from the natural relationship of the spouses and
those desired through adoption. Children are not
an “accessory” to the project of married life. They
are not an “option,” but a “supreme gift,” inscribed
in the very structure of the conjugal union. The
Church, as you know, teaches an ethic of respect
for this fundamental structure in both its unitive
and procreative meaning. In all this, it expresses
the proper regard for God’s plan, sketching an
image of conjugal relations that are marked by
mutual and unreserved acceptance. Above all, it
addresses the right of children to be born and to
grow in a context of fully human love. In
conforming to the word of God, families thus
become a school of humanization and true
solidarity. (Sunday Homily, Jubilee of Families,
October 15, 2000)
In choosing marriage as our vocation, we
accept, prospectively, the gift of children. In fact
the vows taken in marriage require our assent to
“accept children from God lovingly and bring them
up according to the law of Christ and His Church.”
This is a sacred pledge to God and spouse before
witnesses—a vow that if kept produces new life
that quickens our will to love and enlivens our
outlook. Pope John Paul II spoke poetically to this
point in an October 14, 2000, address to families:
Do not children themselves in a way continually
“examine” their parents? They do so not only with
their frequent “whys?”, but with their very faces,
sometimes smiling, sometimes misty with sadness.
It is as if a question were inscribed in their whole
existence, a question which is expressed in the most
varied ways, even in their whims, and which we
could put into questions like these: Mama, papa,
do you love me? Am I really a gift to you? Do you
accept me for what I am? Do you always try to do
what is really best for me?
These questions perhaps are asked more with their
eyes than in words, but they hold parents to their
great responsibility and are in some way an echo
of God’s voice for them.
Children are a “springtime”: what does this
metaphor chosen for your Jubilee mean?
It takes us into that panorama of life, colors, light,
and song which belongs to the spring season.
Children are all of this by nature. They are the hope
that continually blossoms, a project that starts ever
anew, the future that opens without ceasing. They
represent the flowering of married love, which is
found and strengthened in them. At their birth they
bring a message of life, which, in the ultimate
analysis, refers back to the very Author of life. In
need of everything as they are especially in the first
stage of life, they naturally appeal to our solidarity.
Not by chance did Jesus invite his disciples to have a
child’s heart. Today, dear families, you wish to give
thanks for the gift of children and, at the same time,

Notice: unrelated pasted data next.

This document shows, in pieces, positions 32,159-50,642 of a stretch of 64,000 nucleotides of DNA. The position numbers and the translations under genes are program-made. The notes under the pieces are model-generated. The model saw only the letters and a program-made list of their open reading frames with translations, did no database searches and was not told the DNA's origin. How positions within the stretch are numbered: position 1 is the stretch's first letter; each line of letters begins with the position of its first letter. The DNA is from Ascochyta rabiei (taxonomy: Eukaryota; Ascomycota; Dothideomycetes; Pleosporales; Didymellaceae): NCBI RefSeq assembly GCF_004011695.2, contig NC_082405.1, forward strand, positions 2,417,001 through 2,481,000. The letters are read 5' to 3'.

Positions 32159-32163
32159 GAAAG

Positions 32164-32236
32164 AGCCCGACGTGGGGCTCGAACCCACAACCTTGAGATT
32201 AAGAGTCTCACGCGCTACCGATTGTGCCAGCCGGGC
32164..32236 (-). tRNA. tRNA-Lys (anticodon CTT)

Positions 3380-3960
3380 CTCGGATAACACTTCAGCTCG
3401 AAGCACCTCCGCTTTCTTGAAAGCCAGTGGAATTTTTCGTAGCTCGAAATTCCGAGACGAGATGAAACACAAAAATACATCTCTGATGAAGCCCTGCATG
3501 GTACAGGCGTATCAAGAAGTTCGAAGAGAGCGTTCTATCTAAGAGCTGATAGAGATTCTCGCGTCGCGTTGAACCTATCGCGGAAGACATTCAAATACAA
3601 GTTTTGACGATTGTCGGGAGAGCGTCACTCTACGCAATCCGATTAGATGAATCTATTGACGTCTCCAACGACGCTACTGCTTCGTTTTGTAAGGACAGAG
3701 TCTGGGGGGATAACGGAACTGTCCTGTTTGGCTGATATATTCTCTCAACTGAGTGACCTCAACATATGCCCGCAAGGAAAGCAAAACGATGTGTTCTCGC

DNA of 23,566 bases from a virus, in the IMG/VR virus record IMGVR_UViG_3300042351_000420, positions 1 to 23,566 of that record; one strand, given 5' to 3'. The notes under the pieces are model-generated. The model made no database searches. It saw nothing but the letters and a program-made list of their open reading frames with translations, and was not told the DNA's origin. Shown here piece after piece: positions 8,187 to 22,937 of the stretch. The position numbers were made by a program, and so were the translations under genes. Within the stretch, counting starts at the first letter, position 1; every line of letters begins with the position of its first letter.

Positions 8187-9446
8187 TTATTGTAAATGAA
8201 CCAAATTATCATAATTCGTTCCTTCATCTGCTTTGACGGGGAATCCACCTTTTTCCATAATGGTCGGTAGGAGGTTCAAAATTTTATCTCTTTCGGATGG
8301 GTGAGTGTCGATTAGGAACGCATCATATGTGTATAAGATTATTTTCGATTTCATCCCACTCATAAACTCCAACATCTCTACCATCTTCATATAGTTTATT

to accept the message that God sends you through
their existence (Third World Meeting with Families).
Jesus taught, “Let the children come to me
and do not prevent them, for the kingdom of God
belongs to such as these” (Lk. 18:16). Children are
the model of a kingdom people. They are the living
symbol of hope, innocence, and life itself. Indeed,
Jesus came to us as a child, bearing in his infancy a
new beginning for humanity. How fitting that our
restoration would be revealed to us in the new life
of a tender little baby. Every newborn child reminds
us of our capacity for renewal and our unique ability
to shape the future of God’s kingdom.
This pamphlet is drawn from Chapter 8 of Called to
Give Life by Jason T. Adams. Jason is a theology
teacher at Carroll High School in Dayton, Ohio, where
he resides with his wife, Linda, and
their two children, Timothy and
Bridget. Jason and Linda have used
Natural Family Planning to
successfully postpone and achieve
pregnancy throughout their
marriage, and have shared their
testimony to its benefits in PreCana, RCIA, young adult/youth
groups, and other venues.
B.CTG Called to Give Life
165pp $8.88
by Jason Adams, MA
Subtitled: A Sourcebook on the Blessings
of Children and the Harms of
Contraception, this is a collection of
resources for pastors and other
pastoral leaders to help present the
ancient and powerful wisdom of the
Christian church on married
sexuality. It includes a collection of
homilies addressing these concerns; background from the
Church fathers, Scripture, and magisterial teaching; and practical
pointers for transmitting this wisdom.
“Called to Give Life is an extremely useful resource for all
those who wish to preach and teach what the Church
preaches and teaches (on married Christian sexuality).”
Most Reverend Daniel E. Pilarczyk, Archbishop of Cincinnati
These pamphlets may be copied without alteration,
for noncommercial use.
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1846 North Main Street
Dayton, Ohio 45405-3832 [email protected]
(800) 307-7685
from Called to Give Life
by Jason T. Adams